“What’s really interesting about history, and the way that history is recorded, is there’s always heroes, but actually, it was a collective,” Gregory told CNN in an interview. “And I think a lot of the collective has been written out of the history.”

“Shining Lights” then is Gregory’s considered effort to write in that missing history. Reconnecting with old networks and contacts to gather the material for the book was a meticulous task, with Gregory posting callouts in her own Facebook group as well as others and spreading the word around different creative networks.

She says that while some of the book’s contributors are now recognizable photographers, others have moved on entirely from photography since that era. Some had forgotten or not revisited their work during the interim decades, or had even lost large portions of their work. Gregory recalls one contributor arriving at her studio with three big bags of undeveloped negatives, consisting of close to 10,000 images. “That’s basically an entire book there, but again, that’s one of the people that’s completely disappeared from view.”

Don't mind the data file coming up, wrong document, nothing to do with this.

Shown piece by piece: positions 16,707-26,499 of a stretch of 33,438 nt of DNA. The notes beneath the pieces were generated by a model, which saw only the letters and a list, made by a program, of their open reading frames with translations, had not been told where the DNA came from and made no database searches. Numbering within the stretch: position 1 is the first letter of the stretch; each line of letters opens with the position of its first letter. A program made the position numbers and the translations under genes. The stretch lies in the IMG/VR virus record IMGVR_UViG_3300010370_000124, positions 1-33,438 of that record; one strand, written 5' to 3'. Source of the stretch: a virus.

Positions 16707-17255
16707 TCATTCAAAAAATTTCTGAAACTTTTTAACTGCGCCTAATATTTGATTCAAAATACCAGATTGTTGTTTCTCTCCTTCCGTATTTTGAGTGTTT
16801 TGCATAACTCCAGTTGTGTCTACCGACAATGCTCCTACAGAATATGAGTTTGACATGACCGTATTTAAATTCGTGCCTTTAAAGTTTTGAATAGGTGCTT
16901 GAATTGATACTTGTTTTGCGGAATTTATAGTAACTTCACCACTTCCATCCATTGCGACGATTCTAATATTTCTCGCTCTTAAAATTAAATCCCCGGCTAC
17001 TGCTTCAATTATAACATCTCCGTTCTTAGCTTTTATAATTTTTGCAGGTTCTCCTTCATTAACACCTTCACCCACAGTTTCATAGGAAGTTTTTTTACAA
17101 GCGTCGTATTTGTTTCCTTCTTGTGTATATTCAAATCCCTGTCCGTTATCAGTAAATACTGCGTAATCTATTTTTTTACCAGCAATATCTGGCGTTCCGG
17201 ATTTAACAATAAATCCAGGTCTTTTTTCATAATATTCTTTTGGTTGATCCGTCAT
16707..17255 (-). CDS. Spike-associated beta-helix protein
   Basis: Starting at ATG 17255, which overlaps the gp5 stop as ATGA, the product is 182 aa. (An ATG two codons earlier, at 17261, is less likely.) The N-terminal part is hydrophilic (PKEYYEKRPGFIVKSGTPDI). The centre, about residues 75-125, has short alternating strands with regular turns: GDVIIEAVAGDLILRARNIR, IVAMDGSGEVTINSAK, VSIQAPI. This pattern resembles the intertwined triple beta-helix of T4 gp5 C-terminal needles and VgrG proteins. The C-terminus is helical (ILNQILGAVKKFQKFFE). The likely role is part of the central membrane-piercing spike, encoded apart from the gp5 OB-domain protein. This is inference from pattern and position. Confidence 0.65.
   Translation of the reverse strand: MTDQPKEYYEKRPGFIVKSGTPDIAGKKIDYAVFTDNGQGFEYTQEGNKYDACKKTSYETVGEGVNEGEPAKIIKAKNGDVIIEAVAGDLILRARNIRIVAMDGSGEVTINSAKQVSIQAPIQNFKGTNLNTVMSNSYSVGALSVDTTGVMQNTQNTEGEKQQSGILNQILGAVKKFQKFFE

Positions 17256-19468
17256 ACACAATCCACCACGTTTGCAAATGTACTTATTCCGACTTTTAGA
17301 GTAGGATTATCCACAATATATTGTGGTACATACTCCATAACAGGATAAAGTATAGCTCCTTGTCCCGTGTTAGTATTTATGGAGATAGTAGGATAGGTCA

“That was the problem with going back and looking at the magazines and publications that were produced in the 1980s to try and find a trace of the women that are in this book,” said Gregory. “That wasn’t there because they weren’t picked up at that time, and nobody was telling their story.”

For some of the book’s contributors, Gregory says, revisiting that time and the poor treatment they received from the industry was painful. “It was reliving those disappointments…people were traumatized by the experience, and that wasn’t surprising, but it was shocking, in a way.”

An inaccessible medium

This era for Gregory, who was awarded the prestigious Freelands Award in 2023, was foundational. “I think I wouldn’t really have a practice without that period, obviously,” she said. Her own photographic series, “Autoportrait,” features in the book; originally made in 1990, it consists of a series of nine self-portraits of Gregory posed at various angles, looking both directly into and turned away from the camera.

She recalls how those among her network were often shut out of inaccessible arts institutions and forced to work at the margins. “Now, everybody has access to photography with their mobile phone; then it was a much more technically inaccessible medium,” she said.